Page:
For the most part, brands are piloting OTT at this stage. I think the data will show them that OTT works, and they’ll continue to invest in it in the future. 

Also, OTT is going to be more of a buyer’s market going forward,  as NBC’s Peacock and other streaming platforms with ad-supported tiers come into the market. Increased ad inventory will present a good opportunity for brands to test out OTT. 

Some CPG brands have seen their sales increase during the shelter-at-home period. Will they be able to sustain their market-share gains? 

Eaton: That depends on how effectively they advertise in the coming weeks. This is a time for dominant brands to defend consumer loyalty if their brands were out of stock during “extreme buying.” It’s also a time for secondary brands to reach out to consumers who “sampled” their brands, due to necessity, during the shortages.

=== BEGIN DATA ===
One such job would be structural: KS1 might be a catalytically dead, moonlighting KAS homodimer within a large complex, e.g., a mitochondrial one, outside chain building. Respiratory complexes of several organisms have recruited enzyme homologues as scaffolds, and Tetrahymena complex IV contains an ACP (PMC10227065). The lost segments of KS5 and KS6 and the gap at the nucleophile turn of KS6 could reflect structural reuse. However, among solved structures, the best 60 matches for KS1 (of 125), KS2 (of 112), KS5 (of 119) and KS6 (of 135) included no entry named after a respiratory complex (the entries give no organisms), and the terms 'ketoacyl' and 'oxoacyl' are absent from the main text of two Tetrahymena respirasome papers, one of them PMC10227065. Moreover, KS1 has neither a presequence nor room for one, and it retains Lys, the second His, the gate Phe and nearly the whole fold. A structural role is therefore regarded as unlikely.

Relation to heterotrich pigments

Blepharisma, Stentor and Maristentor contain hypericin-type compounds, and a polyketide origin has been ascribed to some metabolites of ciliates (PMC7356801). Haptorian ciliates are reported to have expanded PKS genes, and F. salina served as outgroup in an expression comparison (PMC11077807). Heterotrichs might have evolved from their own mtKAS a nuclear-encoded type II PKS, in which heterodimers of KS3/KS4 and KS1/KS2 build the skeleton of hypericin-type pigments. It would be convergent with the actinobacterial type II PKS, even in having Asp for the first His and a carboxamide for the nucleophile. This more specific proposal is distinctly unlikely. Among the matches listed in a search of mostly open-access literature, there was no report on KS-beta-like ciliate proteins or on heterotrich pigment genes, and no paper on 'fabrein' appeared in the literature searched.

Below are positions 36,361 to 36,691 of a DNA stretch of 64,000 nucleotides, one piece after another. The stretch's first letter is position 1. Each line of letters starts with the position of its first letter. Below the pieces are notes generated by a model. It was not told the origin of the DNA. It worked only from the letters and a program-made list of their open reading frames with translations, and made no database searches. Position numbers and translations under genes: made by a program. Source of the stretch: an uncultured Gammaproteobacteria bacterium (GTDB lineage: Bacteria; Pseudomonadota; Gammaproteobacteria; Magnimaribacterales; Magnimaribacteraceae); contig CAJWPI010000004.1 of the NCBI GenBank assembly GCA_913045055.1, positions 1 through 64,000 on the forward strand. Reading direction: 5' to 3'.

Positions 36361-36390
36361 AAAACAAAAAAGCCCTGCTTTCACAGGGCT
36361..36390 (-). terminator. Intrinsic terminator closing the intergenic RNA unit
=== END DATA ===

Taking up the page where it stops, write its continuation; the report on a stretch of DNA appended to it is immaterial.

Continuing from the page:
One big brand we work with has seen an increase in market share that’s potentially worth hundreds of millions of dollars to them, and they’re spending heavily on media to make sure they hold onto those new customers. 

In addition, every marketer should make sure their creative is appropriate to the situation we’re in, as well as to their own brand’s objectives and circumstances. There are brands that have sold so much product in the past few weeks that they don’t have a presence on the shelf at the moment, and some of these are pivoting to PSA-style ads to build brand equity. 

What’s your take on how likely consumers are to revert to pre-pandemic behaviors once adults can return to work (or try to) and kids go back to school? 

Eaton: There will be long-lasting changes, absolutely. We’re anticipating a new normal in terms of purchase behavior. What that new normal will be remains to be seen. It is too early.